Genetic Counselors' and Genetic Counseling Students' Implicit and Explicit Attitudes toward Homosexuality.

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Journal of genetic counseling


Adult; Attitude; Counselors; Female; Genetic Counseling; Homosexuality, Female; Homosexuality, Male; Humans; Male; Young Adult


Members of the lesbian, gay, and bisexual (LGB) community experience significant health disparities. Widespread preferences for heterosexual over homosexual people among healthcare providers are believed to contribute to this inequity, making recognition (and ultimately reduction) of healthcare providers' sexual prejudices of import. The present study sought to characterize North American genetic counselors' and genetic counseling students' implicit and explicit attitudes toward homosexuality. During January 2017, 575 participants completed a Web-based survey and Sexuality Implicit Association Test (SIAT). A majority of participants (60.2%) harbored implicit preferences for heterosexual over homosexual people. Mean implicit attitude score (0.24) indicated a slight automatic preference for heterosexual over homosexual people, while mean explicit attitude score (0.033) indicated no preference for either group. Although participants' implicit and explicit attitudes were positively correlated (p < 0.001), there was greater implicit bias for heterosexual over homosexual people than suggested by explicit attitude scores (p < 0.001). Implicit attitudes differed across self-reported sexual orientation (p < 0.001), but not across gender, race, or genetic counseling specialty. Education has been demonstrated to be moderately effective at reducing sexual prejudices, and almost all participants (95.8%) indicated that they would support the implementation of genetic counseling curricula addressing lesbian, gay, bisexual, and transgender (LGBT) issues. The study's combined findings suggest that North American genetic counselors and genetic counseling students support, and may benefit from, the implementation of genetic counseling curricula addressing LGBT issues.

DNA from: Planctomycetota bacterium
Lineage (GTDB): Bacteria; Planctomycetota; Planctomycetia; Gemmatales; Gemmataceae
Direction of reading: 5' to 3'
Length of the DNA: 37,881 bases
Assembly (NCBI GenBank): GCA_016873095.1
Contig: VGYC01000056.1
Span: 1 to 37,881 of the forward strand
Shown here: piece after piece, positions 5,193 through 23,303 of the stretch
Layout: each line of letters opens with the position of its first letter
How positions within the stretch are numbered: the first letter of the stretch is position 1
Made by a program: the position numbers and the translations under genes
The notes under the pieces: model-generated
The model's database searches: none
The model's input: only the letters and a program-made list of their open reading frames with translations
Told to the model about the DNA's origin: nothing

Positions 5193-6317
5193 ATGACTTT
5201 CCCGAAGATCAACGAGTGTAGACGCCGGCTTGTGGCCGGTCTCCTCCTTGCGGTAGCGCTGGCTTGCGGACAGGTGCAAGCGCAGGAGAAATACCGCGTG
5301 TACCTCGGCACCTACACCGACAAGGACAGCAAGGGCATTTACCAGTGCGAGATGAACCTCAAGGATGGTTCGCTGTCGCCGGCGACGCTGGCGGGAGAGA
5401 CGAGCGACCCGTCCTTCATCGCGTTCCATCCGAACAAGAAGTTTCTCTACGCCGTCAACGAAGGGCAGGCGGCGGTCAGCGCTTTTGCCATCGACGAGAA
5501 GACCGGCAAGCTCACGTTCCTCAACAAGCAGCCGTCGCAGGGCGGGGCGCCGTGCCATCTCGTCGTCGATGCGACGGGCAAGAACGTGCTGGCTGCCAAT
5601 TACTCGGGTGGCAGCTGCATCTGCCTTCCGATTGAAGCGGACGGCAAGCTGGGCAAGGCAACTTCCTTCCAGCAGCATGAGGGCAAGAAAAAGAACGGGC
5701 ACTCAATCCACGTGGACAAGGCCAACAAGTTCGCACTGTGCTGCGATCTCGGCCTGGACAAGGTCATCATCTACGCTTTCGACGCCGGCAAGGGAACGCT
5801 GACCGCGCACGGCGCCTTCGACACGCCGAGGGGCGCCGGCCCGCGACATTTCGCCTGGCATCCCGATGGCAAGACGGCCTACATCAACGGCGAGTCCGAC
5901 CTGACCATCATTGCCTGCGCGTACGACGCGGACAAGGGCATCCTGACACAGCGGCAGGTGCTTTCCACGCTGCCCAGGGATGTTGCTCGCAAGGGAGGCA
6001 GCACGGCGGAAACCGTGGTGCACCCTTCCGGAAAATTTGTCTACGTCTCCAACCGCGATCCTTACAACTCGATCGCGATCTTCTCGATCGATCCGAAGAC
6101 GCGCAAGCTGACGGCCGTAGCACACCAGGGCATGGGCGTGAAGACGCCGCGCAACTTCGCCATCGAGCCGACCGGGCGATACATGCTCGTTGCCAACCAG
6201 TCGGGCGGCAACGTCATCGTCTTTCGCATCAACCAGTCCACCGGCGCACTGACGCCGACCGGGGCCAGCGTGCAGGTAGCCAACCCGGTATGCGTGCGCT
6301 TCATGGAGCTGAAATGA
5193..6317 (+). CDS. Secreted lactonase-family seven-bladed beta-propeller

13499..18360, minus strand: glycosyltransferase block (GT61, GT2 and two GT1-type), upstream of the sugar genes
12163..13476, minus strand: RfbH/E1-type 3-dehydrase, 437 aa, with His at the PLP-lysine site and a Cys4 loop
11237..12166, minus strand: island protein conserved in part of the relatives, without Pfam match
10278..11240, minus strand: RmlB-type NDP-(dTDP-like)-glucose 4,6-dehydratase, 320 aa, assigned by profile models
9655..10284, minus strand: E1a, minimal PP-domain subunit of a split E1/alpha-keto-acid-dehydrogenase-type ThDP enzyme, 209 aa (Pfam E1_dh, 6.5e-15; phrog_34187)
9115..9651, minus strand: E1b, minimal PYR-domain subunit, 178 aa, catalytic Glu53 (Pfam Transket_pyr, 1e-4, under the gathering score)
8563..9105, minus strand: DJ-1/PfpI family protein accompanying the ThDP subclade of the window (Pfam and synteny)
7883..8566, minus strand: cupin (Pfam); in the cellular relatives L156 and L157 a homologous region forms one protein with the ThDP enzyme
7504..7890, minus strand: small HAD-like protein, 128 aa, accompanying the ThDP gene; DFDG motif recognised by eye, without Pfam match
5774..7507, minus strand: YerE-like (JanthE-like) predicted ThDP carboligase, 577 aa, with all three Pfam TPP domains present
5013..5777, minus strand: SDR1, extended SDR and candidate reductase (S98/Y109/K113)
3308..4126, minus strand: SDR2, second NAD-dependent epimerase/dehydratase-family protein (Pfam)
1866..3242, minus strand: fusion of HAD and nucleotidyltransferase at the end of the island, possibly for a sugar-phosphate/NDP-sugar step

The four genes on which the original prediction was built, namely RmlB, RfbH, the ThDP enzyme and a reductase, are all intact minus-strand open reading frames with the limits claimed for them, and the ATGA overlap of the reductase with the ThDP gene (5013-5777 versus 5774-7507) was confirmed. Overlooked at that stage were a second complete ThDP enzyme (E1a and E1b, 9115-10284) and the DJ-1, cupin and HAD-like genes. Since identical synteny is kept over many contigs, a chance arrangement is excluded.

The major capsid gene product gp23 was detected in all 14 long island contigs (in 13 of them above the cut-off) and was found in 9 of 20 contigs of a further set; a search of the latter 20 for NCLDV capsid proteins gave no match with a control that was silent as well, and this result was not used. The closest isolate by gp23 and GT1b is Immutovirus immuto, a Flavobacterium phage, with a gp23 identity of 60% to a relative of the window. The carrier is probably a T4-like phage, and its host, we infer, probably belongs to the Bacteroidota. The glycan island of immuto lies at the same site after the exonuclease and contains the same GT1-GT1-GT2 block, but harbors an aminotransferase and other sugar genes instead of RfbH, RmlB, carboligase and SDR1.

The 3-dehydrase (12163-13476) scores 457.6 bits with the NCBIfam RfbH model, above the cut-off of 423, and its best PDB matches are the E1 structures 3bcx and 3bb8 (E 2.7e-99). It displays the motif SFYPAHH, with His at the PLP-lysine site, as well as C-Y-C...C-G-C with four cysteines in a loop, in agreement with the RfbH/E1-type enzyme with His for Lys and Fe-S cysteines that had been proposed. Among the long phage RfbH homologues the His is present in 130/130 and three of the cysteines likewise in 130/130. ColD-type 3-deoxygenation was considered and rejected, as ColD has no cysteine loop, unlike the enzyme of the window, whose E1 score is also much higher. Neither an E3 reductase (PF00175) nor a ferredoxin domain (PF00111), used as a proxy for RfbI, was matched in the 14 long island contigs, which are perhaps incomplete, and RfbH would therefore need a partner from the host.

Biomedical Ethics